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Apple Beat Google and Amazon on Black Friday

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Owners of Apple's (NASDAQ: AAPL  ) mobile devices spent more money shopping online on Black Friday than did owners of devices powered by Google's (NASDAQ: GOOGL  ) Android, according to analytics data from IBM and Adobe (via Business Insider). Apple's mobile devices accounted for more Internet traffic than those running Google's mobile operating system, while the average Apple user spent more money.

The favored device among shoppers was Apple's iPad -- according to Adobe, iPads alone generated $417 million in sales, while Android-based tablets accounted for just $42 million in sales. Though this might be seen as further evidence of Apple's dominance of the mobile market in the U.S., it seems most troubling for (NASDAQ: AMZN  ) , whose entire tablet strategy is centered around using its devices to drive sales.

Apple remains in control of the U.S. market
Although Apple's share of the global smartphone market has dwindled in recent quarters, now down under 13%, the iPhone-maker has remained in control of the United States. Android-powered devices account for a larger proportion of the U.S. handset market than Apple's iPhone, but the gap is much smaller -- about 52% to 40%. Probably because of Android's fragmentation, developers continue to favor Apple's mobile operating system, releasing their apps for Apple's platform before eventually porting them to Android. 

Moreover, IBM and Adobe's data suggests that Apple has the more affluent, tech savvy users -- the sort of users app developers desire the most. While it's still possible that owners of Android-powered handsets are wealthier or more willing to purchase things online, they certainly didn't show it on Black Friday: According to IBM's data, owners of Apple devices spent about 21% more on average, while Apple's devices generated more than twice as much Internet traffic.

Amazon sells its hardware near cost to drive sales
While this data may seem disheartening for Google's Android, it's potentially worse for Amazon. A large chunk of the millions spent online during Black Friday was probably spent on Amazon's website, but the retailer would probably prefer that customers bought from its website using one of its mobile devices, such as the new Kindle Fire HDX.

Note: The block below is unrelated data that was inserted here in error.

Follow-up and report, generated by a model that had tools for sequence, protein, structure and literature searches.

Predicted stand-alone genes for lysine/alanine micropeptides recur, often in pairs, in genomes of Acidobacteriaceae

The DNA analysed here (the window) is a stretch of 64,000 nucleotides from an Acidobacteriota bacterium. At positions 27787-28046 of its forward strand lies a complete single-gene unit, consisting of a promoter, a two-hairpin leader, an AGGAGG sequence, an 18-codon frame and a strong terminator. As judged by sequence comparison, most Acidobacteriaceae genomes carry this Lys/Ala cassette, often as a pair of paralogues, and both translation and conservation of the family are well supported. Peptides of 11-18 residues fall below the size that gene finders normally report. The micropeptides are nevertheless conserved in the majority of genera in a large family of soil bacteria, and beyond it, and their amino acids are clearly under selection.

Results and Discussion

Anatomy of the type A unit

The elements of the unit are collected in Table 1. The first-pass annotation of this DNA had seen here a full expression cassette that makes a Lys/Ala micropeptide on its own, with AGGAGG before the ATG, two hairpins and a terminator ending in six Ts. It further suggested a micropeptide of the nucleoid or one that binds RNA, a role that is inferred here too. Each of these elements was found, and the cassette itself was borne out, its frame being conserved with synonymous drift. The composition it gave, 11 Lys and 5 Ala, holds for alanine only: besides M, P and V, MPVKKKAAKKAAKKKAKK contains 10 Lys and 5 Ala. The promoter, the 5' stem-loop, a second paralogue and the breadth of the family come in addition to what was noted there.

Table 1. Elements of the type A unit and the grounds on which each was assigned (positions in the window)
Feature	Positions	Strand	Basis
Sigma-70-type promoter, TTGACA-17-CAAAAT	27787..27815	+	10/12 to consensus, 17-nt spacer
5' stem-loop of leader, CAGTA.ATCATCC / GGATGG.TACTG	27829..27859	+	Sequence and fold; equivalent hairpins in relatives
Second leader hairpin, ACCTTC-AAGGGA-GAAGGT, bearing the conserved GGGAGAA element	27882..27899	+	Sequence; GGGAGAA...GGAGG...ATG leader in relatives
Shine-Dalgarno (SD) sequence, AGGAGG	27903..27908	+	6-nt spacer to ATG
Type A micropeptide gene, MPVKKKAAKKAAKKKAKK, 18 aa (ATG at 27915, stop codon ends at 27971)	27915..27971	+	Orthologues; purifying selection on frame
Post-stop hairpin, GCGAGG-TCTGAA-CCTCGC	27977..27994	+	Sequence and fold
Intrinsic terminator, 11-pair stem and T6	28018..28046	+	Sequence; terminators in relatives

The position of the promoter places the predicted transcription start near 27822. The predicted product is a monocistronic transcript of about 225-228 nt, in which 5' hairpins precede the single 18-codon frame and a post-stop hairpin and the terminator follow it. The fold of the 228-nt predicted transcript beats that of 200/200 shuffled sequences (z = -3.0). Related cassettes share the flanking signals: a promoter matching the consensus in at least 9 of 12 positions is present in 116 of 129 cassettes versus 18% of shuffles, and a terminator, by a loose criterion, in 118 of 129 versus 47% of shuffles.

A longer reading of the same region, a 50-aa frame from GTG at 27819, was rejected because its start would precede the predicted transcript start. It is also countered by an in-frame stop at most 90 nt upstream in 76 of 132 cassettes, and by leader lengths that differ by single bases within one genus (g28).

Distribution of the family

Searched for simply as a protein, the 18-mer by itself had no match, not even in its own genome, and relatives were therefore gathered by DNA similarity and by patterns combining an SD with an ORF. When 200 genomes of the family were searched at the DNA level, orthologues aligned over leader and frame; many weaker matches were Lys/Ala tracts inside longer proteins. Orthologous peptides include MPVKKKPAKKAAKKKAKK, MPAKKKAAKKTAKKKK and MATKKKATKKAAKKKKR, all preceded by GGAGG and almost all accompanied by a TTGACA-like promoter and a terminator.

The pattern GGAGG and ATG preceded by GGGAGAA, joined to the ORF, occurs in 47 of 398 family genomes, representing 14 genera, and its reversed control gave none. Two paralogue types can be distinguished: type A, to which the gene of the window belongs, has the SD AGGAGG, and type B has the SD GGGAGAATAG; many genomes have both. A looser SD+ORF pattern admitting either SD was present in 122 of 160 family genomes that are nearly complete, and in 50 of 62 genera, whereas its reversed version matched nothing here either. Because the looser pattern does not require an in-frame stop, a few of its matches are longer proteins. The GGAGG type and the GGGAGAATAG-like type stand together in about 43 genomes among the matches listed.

Since it introduced the first Kindle Fire in 2011, Amazon has sold the tablets at around breakeven; Amazon admits it isn't out to make money on the devices (unlike Apple) but rather to generate sales -- Amazon's store is heavily tied to the Kindle Fire's interface. The 7-inch Kindle Fire HDX costs just $229, far cheaper than Apple's $400 competing iPad Mini with Retina display. In fact, Amazon has started handing out its newest Kindles for free, letting customers try them for 30 days, and only charging them if they don't return the devices. Although they run a heavily modified version of Android, Amazon's Kindle Fire tablets are some of the most popular Android-based tablets in the United States and accounted for more than half the Android tablet usage in the United States last year.

Ultimately, getting the sale is more important to Amazon than what device it comes from, but the iPad's dominance of online shopping suggests that Amazon's tablet strategy may not be working as well as planned.

Google has its work cut out for it
Google, too, obviously has a way to go before Android becomes the dominant mobile operating system in the United States. Last week, Google's chairman, Eric Schmidt, observed that many of his friends were making the switch to Android. That may have been true among Schmidt's social circle, but in the aggregate, Americans still seem loyal to Apple. Statistics like IBM's and Adobe's only further cement that notion -- Android has the raw numbers on its side, but Apple's platform remains the preferred mobile experience. 

At least for now, Apple remains on top in the United States.